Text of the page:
Key flaw in authorization process: Social Security Numbers are no secret!

3 KEY TAKEAWAYS FROM THE EQUIFAX BREACH

1 The Breach Barrage

Data breaches are nothing new. In fact, they’re almost becoming commonplace. In the first half of 2017 alone, the number of data breaches jumped 29 percent, according to a report from Identity Theft Resource Center and CyberScout. From the Republican National Committee contractor whose breach exposed voting data on nearly 200 million Americans, to Verizon’s breach that affected more than 14 million customers, data hacks are increasing at a breakneck speed across all industries.

The recent massive breach of credit reporting giant, Equifax, is the latest example of this. Reported by the Wall Street Journal as the largest social security breach in history, approximately 143 million U.S. consumers’ confidential data, including social security numbers, names, birthdates and addresses were compromised. What’s more, they reported that more than 200,000 consumers’ credit card numbers were accessed and more than 180,000 consumers’ sensitive documents were accessed.

2 The Identity Authentication Challenge

The social security number is stuck in the past as it is not tied to modern identifiers (i.e. email, phone or IP address) that travel with us wherever we go.

While the scale of the hack is eye opening, perhaps what’s most startling is the depth of data that the criminal hackers accessed, including social security numbers and other critical identifying data. It also raises questions about identity and authentication processes in the digital environment. With a few—or even just one—piece of key information (i.e. a social security number), a person’s total identity is essentially up for grabs in the digital marketplace. Shuman Ghosemajumder, Chief Technology Officer of Shape Security pointed this out. “This appears to be the single largest breach of Social Security Numbers in history… it also has a profound implication for how we use SSNs throughout the country, as it is possible that as a result of this breach, the majority of adults’ SSNs are now compromised.”

Tracing the social security number back to its origins, it was created solely as a way to keep track of an individual’s earnings for social security and benefits purposes. Over time, however, it has taken an outsized role and become a key identifier for Americans, as well as a major way businesses and organizations fight fraud and verify identity. What’s more, some would argue that the social security number is stuck in the past as it is not tied to modern identifiers (i.e. email, phone or IP address) that travel with us wherever we go.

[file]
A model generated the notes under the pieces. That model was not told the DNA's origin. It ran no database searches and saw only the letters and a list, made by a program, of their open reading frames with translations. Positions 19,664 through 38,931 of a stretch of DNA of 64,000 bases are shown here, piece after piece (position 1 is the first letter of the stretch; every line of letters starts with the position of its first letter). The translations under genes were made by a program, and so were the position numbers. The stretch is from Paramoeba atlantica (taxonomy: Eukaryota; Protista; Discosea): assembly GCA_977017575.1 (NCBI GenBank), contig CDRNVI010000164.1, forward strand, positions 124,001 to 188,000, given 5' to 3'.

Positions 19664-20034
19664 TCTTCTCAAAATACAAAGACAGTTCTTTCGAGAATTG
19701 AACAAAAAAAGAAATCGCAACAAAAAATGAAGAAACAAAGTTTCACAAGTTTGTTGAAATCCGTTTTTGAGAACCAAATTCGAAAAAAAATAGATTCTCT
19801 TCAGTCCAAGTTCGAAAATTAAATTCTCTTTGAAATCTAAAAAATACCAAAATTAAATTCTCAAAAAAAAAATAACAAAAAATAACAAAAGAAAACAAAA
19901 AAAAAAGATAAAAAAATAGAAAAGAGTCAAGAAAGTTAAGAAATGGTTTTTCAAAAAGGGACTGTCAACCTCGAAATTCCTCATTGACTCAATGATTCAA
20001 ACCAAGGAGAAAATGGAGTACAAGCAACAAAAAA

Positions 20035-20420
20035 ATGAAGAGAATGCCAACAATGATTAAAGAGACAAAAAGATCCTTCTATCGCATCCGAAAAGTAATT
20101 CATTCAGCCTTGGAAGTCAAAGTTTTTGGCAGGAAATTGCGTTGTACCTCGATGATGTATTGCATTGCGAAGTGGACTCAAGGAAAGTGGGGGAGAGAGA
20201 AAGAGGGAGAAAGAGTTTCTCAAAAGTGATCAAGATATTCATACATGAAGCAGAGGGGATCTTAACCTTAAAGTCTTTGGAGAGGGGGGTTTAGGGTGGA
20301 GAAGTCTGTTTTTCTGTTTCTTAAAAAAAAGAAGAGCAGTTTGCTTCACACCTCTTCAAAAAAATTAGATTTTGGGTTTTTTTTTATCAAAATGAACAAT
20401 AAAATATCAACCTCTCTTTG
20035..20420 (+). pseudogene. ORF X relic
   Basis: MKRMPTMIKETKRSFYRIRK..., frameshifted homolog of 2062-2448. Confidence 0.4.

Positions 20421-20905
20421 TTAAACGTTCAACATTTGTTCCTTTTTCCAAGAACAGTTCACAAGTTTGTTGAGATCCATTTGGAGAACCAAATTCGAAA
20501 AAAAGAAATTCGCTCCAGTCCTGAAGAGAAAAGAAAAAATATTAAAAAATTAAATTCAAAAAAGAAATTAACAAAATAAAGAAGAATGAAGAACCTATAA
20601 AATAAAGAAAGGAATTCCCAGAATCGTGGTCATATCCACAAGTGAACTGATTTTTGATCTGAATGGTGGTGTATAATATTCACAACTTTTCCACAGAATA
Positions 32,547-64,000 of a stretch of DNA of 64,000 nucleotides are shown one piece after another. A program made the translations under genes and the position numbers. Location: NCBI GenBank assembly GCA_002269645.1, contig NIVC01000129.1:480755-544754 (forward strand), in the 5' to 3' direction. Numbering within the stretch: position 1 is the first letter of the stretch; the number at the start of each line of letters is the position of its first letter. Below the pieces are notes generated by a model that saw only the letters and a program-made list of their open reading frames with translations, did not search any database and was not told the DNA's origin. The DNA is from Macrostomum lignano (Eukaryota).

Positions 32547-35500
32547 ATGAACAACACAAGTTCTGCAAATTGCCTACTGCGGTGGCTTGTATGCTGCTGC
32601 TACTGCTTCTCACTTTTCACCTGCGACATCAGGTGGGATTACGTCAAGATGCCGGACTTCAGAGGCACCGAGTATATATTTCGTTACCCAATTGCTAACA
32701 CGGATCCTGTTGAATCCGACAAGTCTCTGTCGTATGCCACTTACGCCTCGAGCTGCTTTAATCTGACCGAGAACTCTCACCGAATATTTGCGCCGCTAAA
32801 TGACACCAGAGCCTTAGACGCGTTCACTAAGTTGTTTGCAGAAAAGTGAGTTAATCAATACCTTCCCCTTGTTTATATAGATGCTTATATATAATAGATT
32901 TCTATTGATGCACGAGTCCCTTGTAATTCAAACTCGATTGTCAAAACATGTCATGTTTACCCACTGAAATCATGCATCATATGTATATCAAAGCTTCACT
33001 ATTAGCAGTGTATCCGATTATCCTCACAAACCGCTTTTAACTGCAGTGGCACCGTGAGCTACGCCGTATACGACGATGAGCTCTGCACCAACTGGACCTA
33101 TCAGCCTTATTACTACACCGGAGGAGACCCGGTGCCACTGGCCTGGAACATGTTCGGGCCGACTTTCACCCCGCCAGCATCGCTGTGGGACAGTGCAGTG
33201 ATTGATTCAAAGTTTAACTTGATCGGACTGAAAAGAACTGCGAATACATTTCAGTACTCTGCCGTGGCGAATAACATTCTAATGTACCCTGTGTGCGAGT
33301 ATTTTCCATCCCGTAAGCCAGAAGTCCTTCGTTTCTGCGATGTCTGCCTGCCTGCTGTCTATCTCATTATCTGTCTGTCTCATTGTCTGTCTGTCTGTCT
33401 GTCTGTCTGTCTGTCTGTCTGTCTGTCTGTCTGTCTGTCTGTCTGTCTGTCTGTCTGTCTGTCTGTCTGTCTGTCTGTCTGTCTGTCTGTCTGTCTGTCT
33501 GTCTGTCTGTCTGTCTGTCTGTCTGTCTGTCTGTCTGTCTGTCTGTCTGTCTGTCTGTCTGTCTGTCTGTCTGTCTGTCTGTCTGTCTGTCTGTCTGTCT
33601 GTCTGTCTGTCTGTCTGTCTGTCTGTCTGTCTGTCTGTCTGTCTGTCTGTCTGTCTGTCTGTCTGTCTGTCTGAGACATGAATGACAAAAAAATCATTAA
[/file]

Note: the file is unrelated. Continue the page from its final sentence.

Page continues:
The breach has revealed a key flaw in the authorization process of the digital environment, which relies too heavily on using the social security number as a national form of identification. “So many of our accounts and authorization processes use the idea of our SSN only being known to us (and not a criminal) as an identifier and authentication mechanism…”* said Ghosemajumder.

3 Approaching authentication by layering of identity solutions

Many fraud experts agree. Seth Ruden, Senior Fraud Consultant at ACI Worldwide was quoted by MarketWatch as saying about the social security number, “We are now at a point where our hands are tied: We can no longer conscientiously use this as an authentication and be taken seriously by consumers.”

As businesses and consumers prepare to move forward, leaders in all industries are now faced with a key question: is it time to reconsider the way we use the social security number? As privacy and security become more of a priority in the digital landscape, the way we think about identity authentication must adapt to meet our needs.

Is it time to reconsider the way we use the social security number? As privacy and security become more of a priority in the digital landscape, the way we think about identity authentication must adapt to meet our needs.

According to a recent report by Gartner, it is recommended that businesses operating in the modern digital landscape adopt a layered cross-channel fraud prevention strategy. The report advises that “while many organizations are applying fraud detection methods to individual channels (e.g., website, call center) as though they are isolated silos, fraudsters are seamlessly moving between channels to exploit gaps. Organizations need to find a balance between tightening fraud prevention practices without adding unnecessary friction into the customer experience journey of legitimate customers.” In essence, applying multiple layers of data verification are now more vital to cyber protection and thwarting fraudsters than ever before.

While we may not have a clear solution to completely fix the problem, the Equifax breach has sent a clear signal to us all: we must be more vigilant with data security to protect our customers and businesses.

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* Rosenbush, Steve. “The Morning Download: Equifax Breach Puts Social Security Number at Center of Digital Identity Crisis.” The Wall Street Journal, Dow Jones & Company, 8 Sept. 2017, blogs.wsj.com/cio/2017/09/08/the-morning-download-equifax-bre-ach-puts-social-security-number-at-center-of-digital-identity-crisis/